We were doing a deal review. It was a big deal with a prestigious customer. Procurement was involved. As we discussed the deal, the sales person said:
“Procurement thinks this is a good solution, but they aren’t willing to pay more than $X and we are a whole lot more at Y.”
“Have you presented the business case to the procurement folks?” I asked.
“We’ve talked about how much this improves productivity and reduces costs, we’ve provided some industry data….” replied the sales person.
“But have you provided a specific business case to them?” I asked.
“No, they’re stuck on the huge price difference…..the deal is stalled!” the frustrated sales person replied.
Sound familiar? I hear the same thing in too many deal reviews. In this case it was procurement, but any customer will raise the price objection–and they should.
And it becomes the showstopper for the deal. Sales people come back pleading for a discount to match the customer expectations.
We will seldom win if we compete on price! (I know I sound like a broken record, but you can’t imagine the number of deals I review where this is the only basis of competing.
But what really matters is the business case…..
Back to the original example. We chatted about the customer’s situation, “Does the customer understand how this solution will increase reduce costs and increase productivity?”
“They understand the concepts and they’ve read the case studies,” replies the sales person, “They think they should achieve savings in the same range as our case studies.”
“Have you developed a specific business case for them? Are you using their numbers to show how much it will increase productivity and reduce costs?” I asked.
“Well, no, they understand the principles, but we still have the pricing problem,” the sales person replies, “beside, they should be able to look at the business case themselves.”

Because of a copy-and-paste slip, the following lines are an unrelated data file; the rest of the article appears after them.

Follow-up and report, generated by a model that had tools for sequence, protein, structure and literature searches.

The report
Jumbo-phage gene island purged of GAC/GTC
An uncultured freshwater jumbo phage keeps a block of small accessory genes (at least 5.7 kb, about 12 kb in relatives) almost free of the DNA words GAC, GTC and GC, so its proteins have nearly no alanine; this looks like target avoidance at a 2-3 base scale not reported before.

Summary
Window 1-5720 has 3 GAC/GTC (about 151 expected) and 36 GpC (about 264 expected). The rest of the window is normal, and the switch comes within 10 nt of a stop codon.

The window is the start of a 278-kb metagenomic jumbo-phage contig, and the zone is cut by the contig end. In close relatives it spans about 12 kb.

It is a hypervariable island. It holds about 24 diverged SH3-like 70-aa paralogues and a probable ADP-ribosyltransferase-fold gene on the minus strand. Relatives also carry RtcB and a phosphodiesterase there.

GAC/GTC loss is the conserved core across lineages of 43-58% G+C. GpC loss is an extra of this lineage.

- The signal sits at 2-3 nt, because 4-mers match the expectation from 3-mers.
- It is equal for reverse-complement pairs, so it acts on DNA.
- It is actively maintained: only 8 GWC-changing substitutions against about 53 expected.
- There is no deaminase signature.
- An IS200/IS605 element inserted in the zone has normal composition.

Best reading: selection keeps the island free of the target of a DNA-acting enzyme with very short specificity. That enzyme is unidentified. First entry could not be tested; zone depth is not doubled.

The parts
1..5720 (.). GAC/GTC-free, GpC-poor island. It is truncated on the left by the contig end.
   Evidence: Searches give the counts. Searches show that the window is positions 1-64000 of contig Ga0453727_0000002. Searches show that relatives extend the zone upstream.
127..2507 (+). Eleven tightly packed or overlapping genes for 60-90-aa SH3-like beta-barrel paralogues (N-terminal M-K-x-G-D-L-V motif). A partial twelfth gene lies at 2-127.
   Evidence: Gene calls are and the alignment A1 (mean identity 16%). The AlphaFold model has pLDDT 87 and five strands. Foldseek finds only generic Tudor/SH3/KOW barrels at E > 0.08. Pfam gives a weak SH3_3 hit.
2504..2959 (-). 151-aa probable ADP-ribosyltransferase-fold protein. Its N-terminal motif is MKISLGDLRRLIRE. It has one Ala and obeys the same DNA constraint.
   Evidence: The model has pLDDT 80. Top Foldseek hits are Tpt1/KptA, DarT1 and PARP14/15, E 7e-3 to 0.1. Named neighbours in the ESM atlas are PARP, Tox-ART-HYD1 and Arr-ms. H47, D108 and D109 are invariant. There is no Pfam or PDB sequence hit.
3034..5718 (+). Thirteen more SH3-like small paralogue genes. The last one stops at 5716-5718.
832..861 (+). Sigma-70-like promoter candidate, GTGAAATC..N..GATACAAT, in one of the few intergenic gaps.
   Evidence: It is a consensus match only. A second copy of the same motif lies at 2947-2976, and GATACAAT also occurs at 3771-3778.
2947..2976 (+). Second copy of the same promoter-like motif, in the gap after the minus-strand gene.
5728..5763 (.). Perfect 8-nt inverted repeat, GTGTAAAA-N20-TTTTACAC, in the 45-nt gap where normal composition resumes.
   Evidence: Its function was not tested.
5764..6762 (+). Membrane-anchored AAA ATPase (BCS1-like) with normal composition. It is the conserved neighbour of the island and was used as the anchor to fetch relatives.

“Clearly, they haven’t, otherwise they wouldn’t be arguing about price!” I reply.
After doing a back of the envelope calculation, we found the net savings to be several million, productivity improvements would add another couple of million.
The sales person says, “I get this, but they don’t like our price!”
“Can they get these savings from any other solution?” I ask.
“No, we are in a good position, we are the only solution that can give them these savings….” replies the sales person.
“So you are telling me this customer will walk away from millions in savings and productivity improvement, just because they don’t like our price?” I reply, getting a little impatient.
At this point, the sales person lapsed into silence.
We talked further, he defended himself, saying the customer understood the value proposition and what they would achieve. But he and they never translated this into a specific business case for the customer.
The customer doesn’t have to like our price! They can scream and shout about how unreasonable it is. As long as we have a business case that shows a superior return for them, price is absolutely irrelevant.
The customer would be insane not to select a solution that provides millions in improvement, regardless of the price of the solution.
I wish I made this up, but it is too common. We sell on price, we lose on price. We sell on business value, we sell on the fact the customer can’t get these outcomes unless the pay what we are charging, we focus on their business return, not the price of our products.
Thanks for indulging me, I’m off my soapbox, but can’t help getting impatient with the number of opportunities I see where the focus is on defending our price, rather than focusing on business outcomes!